1. Do everything you'd normally do in an interview - Well, you've got the clothes down, what's next? The answer is the same as if you were interviewing for a job in the business world. Make sure you look nice, print out two (or more) copies of your resume to put in a plain folder, take something to write with/on (an 8.5" X 11" notepad and a couple of pens preferably), and get there 15 minutes early. Doing all this might seem like overkill, but it tells your potential future employer "I'm prepared for this job, and I'm gonna get it."
2. You're not applying to be President - Your job is important, but it's not super official. That being said, don't campaign. Your tone of voice when talking to your interviewer should be just like your dress: casual, but not sloppy. Titles like "sir" or "madam" probably will get you laughed at, while titles like "dude" or even worse "yo" will cost you your job. Address the interviewer however he introduces himself to you. As an example, if I were interviewing you, you'd want to call me Alden.
3. Relax - During the interview, you're probably going to be quizzed. Whoever is conducting the interview might want to see how much you know going in. This isn't necessarily a "get it right or you don't get the job" kind of thing. Since an internship is about you learning the ropes when it comes to tech jobs, they expect you not to know much. Having a working knowledge of how to use equipment is definitely a plus. Not knowing that you don't give a $2000 ribbon microphone phantom power might be a deal-breaker, because it'll cost the company some money. On the other side, whether or not you know what the three prongs on an XLR cable do probably won't matter too much, because you'll learn that as you work. Know that being quizzed is part of the interview process for a tech job, so study up, but don't stress.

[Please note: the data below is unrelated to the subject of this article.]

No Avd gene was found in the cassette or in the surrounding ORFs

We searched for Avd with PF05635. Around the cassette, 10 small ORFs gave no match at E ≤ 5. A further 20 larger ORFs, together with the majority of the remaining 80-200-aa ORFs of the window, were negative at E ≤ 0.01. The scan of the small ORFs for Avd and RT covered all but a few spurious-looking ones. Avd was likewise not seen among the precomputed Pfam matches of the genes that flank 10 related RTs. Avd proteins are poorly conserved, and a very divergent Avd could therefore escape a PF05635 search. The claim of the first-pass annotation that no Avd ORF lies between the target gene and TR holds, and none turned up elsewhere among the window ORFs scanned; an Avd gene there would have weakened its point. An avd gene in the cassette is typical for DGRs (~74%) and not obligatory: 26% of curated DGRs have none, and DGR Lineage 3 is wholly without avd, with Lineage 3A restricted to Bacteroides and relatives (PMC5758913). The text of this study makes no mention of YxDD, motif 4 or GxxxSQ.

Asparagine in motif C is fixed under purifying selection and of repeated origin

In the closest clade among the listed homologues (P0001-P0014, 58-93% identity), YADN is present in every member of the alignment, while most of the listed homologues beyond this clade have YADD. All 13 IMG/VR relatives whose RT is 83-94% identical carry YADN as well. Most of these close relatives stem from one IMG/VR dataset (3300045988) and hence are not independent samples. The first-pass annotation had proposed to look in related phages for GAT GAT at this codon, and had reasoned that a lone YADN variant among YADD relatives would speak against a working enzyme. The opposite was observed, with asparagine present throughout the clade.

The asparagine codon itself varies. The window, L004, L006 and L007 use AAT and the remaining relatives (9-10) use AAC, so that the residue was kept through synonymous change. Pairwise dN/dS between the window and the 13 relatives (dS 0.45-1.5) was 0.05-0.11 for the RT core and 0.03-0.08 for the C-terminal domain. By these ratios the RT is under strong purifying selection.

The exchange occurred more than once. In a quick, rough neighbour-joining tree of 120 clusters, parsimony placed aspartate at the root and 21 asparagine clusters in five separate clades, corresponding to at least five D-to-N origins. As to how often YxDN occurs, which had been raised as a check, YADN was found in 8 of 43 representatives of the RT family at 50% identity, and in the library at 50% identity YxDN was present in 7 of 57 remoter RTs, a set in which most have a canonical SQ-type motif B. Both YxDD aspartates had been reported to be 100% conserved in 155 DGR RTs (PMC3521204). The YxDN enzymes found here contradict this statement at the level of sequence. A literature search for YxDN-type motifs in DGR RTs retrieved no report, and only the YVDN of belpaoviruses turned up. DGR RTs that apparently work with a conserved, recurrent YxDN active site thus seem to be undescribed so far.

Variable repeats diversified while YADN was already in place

4. Ask questions and get the tour - Nothing shows that you want the job more than asking a bunch of intelligent questions. Asking the interviewer flat out "may I have a tour of the gear?" is like asking your girlfriend "would you like this diamond necklace?" It tells the interviewer that you have a genuine interest in the work they do, and that you are excited to see such fancy stuff. When you're looking at the equipment, feel free to be a gearhead. Avoid saying things like "yeah, we have a bunch of these at school", but instead say "I've had some experience with these, and I love how they sound." When the conversation is broken down to basics, you should show genuine excitement for working with the gear, but don't make it seem commonplace. Lots of places have API pre-amps, for example, so making note of that is unnecessary. Lastly, if you have a genuine question about a piece of gear, now is the time to ask. Don't know what makes a convolution reverb different than a plate reverb? Ask.
As always, if there's something you think I missed, or you have any questions about this post, feel free to add it in the comments below. Good luck on the interview!